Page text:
Agri Business

Pulse prices are rising, but only a little

TV Jayan New Delhi | Updated on January 24, 2019 Published on January 24, 2019

Buffer stocks resulting from Centre’s incentives have kept prices in check

The prices of pulses may have improved slightly since government agencies began procurement, but normalisation of market prices may have to wait till the end of the year, experts have said.

“The government’s efforts of encouraging farmers through higher minimum support prices (MSPs), which were much higher than the prices that the market can sustain, and creating buffer stocks of pulses much beyond the 1 million mt requirement, resulted in a sharp rise in pulses production during the 2016-17 season (23.13 mt ), but pulse prices suffered a huge setback on account of this,” said Sanjay Kaul, MD & CEO of National Collateral Management Services Limited (NCML).

Prices have still not fully recovered from that setback but government efforts like announcing schemes such as the Merchandise Exports from India Scheme (MEIS) and curbing imports has to some extent absorbed the production surplus, Kaul said.

According to him, the excessive production has resulted in filling up of pipelines and hence lowered prices since then. “But since last year the situation is normalising and as the acreage and production is reducing owing to the lower prices the supply-demand situation is expected to take a normal course by the end of this year,” Kaul told BusinessLine.

The annual commodity year book brought out by NCML, India’s largest private-sector agriculture post-harvest management company, has dealt extensively with the pulses scenario in the country.

Per the first advanced estimates brought out by the government last August, production of most pulses (tur, chana, urad and moong) is estimated to be on the lower side as compared to the previous year. The production is estimated to be lower due to adverse weather conditions in States such as Maharashtra, Madhya Pradesh, Karnataka and Andhra Pradesh. But the prices may remain subdued because of the ample stocks maintained by government agency NAFED and also with the recent rains improving the chances of a better crop than anticipated, according to Kaul.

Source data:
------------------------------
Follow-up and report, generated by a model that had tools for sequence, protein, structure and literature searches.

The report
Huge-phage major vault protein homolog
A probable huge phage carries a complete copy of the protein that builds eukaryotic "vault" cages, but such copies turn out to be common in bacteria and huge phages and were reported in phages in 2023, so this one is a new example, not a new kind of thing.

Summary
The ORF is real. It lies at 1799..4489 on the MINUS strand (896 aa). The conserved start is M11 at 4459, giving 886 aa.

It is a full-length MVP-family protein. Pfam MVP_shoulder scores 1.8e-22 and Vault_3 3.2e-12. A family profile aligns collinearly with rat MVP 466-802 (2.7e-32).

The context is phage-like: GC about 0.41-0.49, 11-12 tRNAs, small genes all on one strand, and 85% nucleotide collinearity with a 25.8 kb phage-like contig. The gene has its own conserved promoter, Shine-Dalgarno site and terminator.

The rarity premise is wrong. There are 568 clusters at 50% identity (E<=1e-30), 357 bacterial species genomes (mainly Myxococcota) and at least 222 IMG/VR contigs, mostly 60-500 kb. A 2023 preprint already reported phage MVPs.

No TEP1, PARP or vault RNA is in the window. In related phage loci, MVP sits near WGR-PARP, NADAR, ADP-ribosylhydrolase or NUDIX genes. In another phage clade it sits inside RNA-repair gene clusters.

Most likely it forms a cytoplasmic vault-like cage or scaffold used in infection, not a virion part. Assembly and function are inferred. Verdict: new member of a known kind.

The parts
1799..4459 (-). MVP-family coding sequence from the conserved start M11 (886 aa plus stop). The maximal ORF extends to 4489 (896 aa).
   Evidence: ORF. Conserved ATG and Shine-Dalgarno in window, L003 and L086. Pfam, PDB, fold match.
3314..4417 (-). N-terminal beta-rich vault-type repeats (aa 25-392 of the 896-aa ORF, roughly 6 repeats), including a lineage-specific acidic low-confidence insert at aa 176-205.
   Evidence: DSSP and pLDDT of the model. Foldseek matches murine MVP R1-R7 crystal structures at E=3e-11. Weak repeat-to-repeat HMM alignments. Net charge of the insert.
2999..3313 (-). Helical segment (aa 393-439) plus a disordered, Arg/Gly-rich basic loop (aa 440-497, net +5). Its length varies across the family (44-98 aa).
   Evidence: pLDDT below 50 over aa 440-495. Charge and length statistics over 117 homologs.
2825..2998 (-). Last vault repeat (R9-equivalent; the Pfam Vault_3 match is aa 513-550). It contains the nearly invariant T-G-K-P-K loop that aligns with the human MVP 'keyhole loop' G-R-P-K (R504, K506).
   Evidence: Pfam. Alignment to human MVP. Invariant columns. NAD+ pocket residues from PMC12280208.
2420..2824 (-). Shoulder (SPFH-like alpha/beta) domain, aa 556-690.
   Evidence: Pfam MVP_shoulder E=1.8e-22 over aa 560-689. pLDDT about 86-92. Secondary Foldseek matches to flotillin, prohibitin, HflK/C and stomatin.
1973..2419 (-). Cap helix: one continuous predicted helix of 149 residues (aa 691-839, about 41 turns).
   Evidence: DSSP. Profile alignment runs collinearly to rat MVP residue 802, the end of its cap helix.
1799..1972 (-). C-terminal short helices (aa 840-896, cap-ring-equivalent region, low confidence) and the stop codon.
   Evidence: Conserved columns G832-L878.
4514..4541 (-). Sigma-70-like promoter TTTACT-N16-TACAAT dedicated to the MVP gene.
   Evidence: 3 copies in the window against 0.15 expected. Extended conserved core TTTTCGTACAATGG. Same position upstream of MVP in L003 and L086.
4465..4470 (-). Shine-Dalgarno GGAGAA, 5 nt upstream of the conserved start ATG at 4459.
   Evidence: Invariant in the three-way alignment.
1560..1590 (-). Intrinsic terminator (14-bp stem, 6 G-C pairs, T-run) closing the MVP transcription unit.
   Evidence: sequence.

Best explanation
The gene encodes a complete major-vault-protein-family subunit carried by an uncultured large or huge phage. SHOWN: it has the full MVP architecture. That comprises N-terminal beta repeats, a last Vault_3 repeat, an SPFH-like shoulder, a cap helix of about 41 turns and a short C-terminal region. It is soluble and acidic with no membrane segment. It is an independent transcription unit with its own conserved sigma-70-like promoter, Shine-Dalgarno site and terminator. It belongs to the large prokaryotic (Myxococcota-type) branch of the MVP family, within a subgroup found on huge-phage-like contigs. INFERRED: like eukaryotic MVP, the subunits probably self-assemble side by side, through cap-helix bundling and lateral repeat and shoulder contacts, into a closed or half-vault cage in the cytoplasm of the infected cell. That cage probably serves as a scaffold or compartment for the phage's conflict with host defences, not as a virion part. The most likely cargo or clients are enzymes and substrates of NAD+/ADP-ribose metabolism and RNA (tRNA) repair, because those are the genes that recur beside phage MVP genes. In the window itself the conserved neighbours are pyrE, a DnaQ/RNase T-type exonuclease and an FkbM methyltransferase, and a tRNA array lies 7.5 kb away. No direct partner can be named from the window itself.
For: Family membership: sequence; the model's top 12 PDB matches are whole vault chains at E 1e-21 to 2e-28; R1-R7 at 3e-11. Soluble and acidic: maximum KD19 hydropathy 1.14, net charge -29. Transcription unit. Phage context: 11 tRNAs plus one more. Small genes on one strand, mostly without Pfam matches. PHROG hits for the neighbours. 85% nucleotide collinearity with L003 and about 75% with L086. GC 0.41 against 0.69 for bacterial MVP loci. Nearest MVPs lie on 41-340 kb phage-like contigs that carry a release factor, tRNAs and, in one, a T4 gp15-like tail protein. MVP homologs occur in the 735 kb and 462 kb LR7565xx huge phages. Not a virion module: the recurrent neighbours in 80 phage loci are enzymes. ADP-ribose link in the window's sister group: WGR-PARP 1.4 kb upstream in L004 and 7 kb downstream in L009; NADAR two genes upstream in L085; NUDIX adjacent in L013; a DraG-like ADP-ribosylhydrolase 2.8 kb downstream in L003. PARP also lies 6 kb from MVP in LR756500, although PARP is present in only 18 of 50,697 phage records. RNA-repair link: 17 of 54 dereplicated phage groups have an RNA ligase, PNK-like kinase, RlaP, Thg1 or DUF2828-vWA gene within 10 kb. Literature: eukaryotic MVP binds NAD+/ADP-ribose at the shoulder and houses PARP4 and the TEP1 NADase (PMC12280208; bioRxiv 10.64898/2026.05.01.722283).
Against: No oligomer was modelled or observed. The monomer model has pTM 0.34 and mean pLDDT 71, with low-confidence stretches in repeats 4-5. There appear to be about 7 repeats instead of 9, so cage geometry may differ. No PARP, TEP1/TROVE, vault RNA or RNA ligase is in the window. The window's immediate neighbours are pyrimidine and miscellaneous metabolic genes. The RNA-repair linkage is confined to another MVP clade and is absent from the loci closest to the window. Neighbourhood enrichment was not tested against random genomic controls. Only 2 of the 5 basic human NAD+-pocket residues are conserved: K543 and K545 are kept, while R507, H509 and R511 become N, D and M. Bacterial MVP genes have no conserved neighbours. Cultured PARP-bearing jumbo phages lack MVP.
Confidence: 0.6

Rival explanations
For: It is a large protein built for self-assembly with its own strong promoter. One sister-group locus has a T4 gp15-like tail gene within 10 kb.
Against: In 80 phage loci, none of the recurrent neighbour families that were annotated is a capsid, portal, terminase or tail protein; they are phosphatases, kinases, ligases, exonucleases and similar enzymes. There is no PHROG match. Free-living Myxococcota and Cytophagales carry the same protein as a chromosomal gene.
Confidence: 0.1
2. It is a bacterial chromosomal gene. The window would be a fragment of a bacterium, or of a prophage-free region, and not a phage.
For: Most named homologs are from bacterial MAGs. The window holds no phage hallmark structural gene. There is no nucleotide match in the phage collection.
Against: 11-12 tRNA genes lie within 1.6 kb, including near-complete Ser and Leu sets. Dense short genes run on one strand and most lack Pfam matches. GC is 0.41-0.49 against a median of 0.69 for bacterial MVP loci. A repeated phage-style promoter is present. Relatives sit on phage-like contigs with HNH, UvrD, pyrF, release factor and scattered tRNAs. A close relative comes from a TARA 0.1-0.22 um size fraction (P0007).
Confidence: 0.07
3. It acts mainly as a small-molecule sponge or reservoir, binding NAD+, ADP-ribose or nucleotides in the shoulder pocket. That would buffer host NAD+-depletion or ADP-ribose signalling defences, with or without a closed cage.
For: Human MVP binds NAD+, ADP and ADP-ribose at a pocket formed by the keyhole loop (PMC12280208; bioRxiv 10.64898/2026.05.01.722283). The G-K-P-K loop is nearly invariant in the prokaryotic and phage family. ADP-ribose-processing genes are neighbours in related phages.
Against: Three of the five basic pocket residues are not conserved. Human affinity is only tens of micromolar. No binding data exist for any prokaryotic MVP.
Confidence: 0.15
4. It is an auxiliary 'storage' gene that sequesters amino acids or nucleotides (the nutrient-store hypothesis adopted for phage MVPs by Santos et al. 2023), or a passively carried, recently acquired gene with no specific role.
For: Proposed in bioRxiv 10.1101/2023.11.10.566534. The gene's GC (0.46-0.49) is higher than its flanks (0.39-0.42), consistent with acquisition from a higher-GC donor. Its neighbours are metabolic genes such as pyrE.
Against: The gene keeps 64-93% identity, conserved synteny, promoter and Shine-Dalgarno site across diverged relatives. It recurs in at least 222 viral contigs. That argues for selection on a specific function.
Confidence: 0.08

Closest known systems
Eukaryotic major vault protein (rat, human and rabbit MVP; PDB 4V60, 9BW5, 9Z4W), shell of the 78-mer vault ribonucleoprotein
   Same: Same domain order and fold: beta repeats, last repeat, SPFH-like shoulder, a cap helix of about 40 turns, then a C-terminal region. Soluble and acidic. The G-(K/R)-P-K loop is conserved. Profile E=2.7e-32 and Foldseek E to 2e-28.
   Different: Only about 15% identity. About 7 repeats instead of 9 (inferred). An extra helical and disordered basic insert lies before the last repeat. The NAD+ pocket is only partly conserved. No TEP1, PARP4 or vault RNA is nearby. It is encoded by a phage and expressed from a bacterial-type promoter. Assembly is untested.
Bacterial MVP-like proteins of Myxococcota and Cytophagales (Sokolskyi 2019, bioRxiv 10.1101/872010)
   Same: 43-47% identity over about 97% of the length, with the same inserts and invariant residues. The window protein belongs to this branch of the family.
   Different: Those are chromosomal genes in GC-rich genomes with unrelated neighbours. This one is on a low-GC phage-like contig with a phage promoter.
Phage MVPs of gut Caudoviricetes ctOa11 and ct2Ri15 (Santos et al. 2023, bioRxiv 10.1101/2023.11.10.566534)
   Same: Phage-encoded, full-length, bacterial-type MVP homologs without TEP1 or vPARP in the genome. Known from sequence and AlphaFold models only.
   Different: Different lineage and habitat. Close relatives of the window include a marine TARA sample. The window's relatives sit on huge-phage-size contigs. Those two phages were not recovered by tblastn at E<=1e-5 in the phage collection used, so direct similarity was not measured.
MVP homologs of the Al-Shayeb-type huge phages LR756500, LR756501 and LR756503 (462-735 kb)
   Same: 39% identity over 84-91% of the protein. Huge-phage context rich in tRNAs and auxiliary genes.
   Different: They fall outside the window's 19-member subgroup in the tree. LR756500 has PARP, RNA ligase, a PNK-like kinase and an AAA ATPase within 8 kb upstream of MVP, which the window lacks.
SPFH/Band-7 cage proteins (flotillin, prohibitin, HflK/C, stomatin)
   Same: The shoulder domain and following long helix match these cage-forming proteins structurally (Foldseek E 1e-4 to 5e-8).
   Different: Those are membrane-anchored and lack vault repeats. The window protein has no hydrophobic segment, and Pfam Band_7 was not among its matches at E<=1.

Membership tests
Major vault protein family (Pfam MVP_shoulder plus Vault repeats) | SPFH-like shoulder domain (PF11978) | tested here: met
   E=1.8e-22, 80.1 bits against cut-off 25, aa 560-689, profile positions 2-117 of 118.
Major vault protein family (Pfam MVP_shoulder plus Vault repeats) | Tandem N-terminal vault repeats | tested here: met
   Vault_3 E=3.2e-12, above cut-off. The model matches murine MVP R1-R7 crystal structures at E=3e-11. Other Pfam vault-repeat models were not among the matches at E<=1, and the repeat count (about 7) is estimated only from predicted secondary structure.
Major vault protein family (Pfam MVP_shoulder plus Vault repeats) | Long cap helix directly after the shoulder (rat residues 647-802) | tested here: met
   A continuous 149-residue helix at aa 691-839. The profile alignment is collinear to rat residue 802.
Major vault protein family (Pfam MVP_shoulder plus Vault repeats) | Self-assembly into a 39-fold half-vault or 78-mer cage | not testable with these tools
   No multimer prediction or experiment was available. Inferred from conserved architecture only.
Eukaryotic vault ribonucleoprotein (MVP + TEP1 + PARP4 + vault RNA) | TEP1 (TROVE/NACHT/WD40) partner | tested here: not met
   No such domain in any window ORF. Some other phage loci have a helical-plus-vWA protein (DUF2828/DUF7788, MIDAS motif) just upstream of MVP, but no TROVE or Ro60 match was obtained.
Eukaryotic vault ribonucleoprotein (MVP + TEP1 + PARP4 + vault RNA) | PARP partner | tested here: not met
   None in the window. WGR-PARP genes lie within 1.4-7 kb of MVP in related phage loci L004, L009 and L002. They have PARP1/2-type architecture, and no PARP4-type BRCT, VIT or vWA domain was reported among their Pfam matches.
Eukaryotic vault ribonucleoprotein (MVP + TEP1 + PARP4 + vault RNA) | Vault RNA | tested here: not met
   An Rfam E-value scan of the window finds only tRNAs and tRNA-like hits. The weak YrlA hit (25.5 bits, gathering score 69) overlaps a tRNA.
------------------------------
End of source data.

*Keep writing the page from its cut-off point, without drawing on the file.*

Market rates rising: NAFED

However, NAFED officials maintained that the prices of pulses are rising in the market. “In the last four months, there has been an increase in the market prices of major pulses across most markets in the country. Even though NAFED made a similar intervention in last year too, we didn’t see a similar uptick in mandi prices in the previous year,” said Sanjeev Kumar K Chadha, NAFED MD (see chart).

India’s chana (gram) production in 2018-19, for instance, is estimated to be 10.5 mt, nearly 6.5 per cent lower than the 2017-18 production. Similarly, at 4.08 mt, tur production this year too is expected to be 9.33 per cent lower than that in the previous year.

According to NCML, Indian traders had consumed the full tur import quota of 2 lakh tonnes in 2017-18 as in Myanmar tur was cheaper and parity was in favour of importers despite the 10 per cent import duty. Moreover, corporate buyers who are hoping that the government will open up imports in the lean season, have already booked 3-4 lakh tonnes of tur in Myanmar. “The buyers are planning to store their inventory in Myanmar till the Indian government lifts restrictions on imports,” it said.

Urad production in 2018-19 is projected to be lower than the previous year’s 3.56 mt. According to the firm, despite the government increasing the MSP of urad to ₹5,600 from ₹5,400 a quintal, farmers shifted away from urad due to lower domestic prices throughout the year, it said.

Time for more schemes

According to Kaul, it’s time that the government announced additional schemes with export incentives not only on chana but on the exports of processed products made of chana, such as dal and besan.

Besides, the government should leverage its bilateral and free trade agreements with South Asian and South-East Asian countries. For instance, Bangladesh imports about 12-15 lakh tonnes of pulses, while Sri Lanka imports roughly 3 lakh tonnes.

Published on January 24, 2019

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